The IEE of a panel of six different TCC cell lines was studied. After the seeding of tumor cells on wounded confluent murine urothelial cultures, the tumor cells preferentially attached to the de-epithelialized areas. Within 24 h, these areas were covered both by tumor cells and regenerating urothelium. Control experiments showed that in the absence of inoculated tumor cells, the de-epithelialized areas became entirely covered by regenerating normal urothelial cells within 24 h (11). The areas covered by tumor cells at 24 h were of the same size for four of the six examined tumor cell lines, but implantation of JON or J82 cells was less effective. As described previously, E-cadherin expression influenced the pattern of IEE (10, 11). Bladder tumor cell lines with no (T24 and J82) or a heterogeneous (1207) expression of E-cadherin were able to infiltrate the surrounding normal urothelium as single cells (Fig. 1,A), whereas bladder tumor cell lines with a homogeneous (SD,RT112, and JON) expression of E-cadherin displayed a sharp demarcation between the tumor cells and the normal urothelium (Fig. 1,B). The six tumor cell lines further differed with respect to their subsequent IEE rate (Fig. 2 and Table 1). The IEE of bladder carcinoma cells was most pronounced for the SD cells and less for the 1207 and RT112 cells, whereas T24, JON, or J82 displayed hardly any or no expansion. Therefore, three of four E-cadherin-positive bladder carcinoma cell lines had a better IEE rate than the two E-cadherin-negative bladder carcinoma cell lines. These results suggested a positive effect of E-cadherin on intraepithelial expansion.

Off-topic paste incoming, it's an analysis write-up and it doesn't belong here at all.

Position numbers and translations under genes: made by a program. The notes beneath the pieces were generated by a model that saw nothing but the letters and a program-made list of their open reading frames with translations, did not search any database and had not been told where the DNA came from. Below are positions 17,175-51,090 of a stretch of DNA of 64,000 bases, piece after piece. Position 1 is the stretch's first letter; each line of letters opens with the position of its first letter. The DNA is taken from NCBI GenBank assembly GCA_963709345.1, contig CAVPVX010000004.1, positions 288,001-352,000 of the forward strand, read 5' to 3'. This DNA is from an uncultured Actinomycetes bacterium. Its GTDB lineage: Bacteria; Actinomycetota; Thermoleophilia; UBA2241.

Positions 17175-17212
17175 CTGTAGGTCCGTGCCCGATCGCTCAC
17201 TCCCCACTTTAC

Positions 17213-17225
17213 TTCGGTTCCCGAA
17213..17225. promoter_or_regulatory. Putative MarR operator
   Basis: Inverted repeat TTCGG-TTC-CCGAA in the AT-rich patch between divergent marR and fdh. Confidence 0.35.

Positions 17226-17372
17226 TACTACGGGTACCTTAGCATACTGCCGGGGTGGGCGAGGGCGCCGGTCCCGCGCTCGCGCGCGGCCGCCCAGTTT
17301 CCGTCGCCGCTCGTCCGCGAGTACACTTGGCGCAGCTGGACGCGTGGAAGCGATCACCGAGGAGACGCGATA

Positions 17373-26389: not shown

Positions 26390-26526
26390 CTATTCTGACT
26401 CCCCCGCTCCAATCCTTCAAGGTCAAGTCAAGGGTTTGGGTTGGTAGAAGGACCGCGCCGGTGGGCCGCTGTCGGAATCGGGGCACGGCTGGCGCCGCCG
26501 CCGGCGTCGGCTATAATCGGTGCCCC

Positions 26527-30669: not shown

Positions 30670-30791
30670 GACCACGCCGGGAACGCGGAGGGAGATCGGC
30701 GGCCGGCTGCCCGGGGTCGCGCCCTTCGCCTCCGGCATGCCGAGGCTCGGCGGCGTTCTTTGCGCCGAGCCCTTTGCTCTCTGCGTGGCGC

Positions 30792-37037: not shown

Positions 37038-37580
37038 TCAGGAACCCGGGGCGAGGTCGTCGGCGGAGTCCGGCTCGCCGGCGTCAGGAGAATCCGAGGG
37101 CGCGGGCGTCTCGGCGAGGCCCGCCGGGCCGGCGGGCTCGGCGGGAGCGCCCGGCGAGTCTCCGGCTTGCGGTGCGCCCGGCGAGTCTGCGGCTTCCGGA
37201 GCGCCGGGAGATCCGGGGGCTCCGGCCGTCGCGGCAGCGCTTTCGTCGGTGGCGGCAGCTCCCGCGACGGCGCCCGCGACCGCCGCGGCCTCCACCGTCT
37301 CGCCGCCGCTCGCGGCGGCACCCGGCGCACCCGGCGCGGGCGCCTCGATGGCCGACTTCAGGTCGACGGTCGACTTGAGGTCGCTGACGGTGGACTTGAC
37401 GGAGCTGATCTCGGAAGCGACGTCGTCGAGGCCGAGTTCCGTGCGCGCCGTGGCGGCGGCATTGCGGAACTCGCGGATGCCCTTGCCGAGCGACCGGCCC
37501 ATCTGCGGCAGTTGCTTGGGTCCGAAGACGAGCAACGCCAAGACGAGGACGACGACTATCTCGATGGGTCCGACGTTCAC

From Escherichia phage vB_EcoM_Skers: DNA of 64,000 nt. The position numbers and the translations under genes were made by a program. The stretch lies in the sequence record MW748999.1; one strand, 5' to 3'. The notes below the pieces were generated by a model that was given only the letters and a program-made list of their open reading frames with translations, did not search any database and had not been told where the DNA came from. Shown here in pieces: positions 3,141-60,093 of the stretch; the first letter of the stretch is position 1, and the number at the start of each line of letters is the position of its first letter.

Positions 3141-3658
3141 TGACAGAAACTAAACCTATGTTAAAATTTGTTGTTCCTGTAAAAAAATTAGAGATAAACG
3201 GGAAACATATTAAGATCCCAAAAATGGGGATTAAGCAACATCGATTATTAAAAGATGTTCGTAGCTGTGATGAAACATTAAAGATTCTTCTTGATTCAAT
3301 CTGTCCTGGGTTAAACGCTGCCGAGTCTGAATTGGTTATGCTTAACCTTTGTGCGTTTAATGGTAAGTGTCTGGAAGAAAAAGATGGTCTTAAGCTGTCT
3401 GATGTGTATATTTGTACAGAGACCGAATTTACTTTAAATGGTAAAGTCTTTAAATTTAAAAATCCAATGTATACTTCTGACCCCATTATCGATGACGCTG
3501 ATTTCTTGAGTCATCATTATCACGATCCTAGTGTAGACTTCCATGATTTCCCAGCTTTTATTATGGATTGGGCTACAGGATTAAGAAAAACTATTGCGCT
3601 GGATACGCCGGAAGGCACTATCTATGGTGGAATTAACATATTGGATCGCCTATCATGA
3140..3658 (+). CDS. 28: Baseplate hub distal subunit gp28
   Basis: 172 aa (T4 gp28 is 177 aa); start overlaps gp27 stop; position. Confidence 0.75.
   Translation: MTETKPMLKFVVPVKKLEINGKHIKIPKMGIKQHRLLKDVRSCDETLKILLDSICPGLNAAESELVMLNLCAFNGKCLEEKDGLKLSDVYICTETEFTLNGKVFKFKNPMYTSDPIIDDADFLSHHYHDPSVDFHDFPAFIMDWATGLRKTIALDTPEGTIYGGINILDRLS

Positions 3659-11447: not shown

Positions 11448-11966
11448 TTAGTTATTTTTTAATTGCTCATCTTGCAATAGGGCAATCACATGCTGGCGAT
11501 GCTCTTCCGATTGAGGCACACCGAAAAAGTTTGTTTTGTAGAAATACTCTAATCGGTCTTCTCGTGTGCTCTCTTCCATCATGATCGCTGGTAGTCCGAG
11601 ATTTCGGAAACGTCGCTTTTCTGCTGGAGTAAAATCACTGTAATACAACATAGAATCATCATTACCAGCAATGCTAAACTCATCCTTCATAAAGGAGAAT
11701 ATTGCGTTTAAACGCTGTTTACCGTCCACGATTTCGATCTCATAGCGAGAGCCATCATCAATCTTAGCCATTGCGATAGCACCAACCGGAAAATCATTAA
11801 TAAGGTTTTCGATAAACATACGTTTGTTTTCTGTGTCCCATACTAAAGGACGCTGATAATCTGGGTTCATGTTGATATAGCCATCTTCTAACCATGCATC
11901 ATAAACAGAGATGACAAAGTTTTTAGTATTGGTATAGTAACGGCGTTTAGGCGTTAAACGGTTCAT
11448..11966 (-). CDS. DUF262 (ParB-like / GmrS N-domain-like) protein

Transfection of T24 and J82 with Full-Length Mouse E-CadherincDNA.

To investigate whether E-cadherin is involved in the IEE of bladder tumors, we transfected T24 cells with the mouse E-cadheringene. Earlier, it was shown that T24 cells express α- andβ-catenin (25). We obtained 19 G418-resistant T24 cell clones, with membrane-bound E-cadherin expression (Fig. 3,A). Clones varied with regard to their levels of immunohistochemically detected E-cadherin expression. Expression levels of E-cadherin of nine different T24 transfectants were analyzed by flow cytometry. Clones T24H9+, T24 2D4+, T24D4+, and T24H5+ had low to moderate expression levels (Fig. 4,B), whereas the clones T24H3++ and T24D10++ had a high expression level of E-cadherin (Fig. 4,C). As a negative control for E-cadherin expression, we used the clones (T24C1−,T24F1−, and T24G1−) that were G418 resistant but had no detectable expression of E-cadherin, either by immunofluorescence, immunoblotting,or flow cytometry (Fig. 4,A). Immunoblotting with the DECMA-1 antibody on different cell lysates of T24 clones showed a characteristic band at Mr 120,000 that was typical of the E-cadherin-positive clones (Fig. 3 B). At the ultrastructural level no difference in the presence of desmosomes between the nontransfected (E-cadherin-negative) and transfected,E-cadherin-positive T24 cells was noted (data not shown).

Wound Colonization Assay.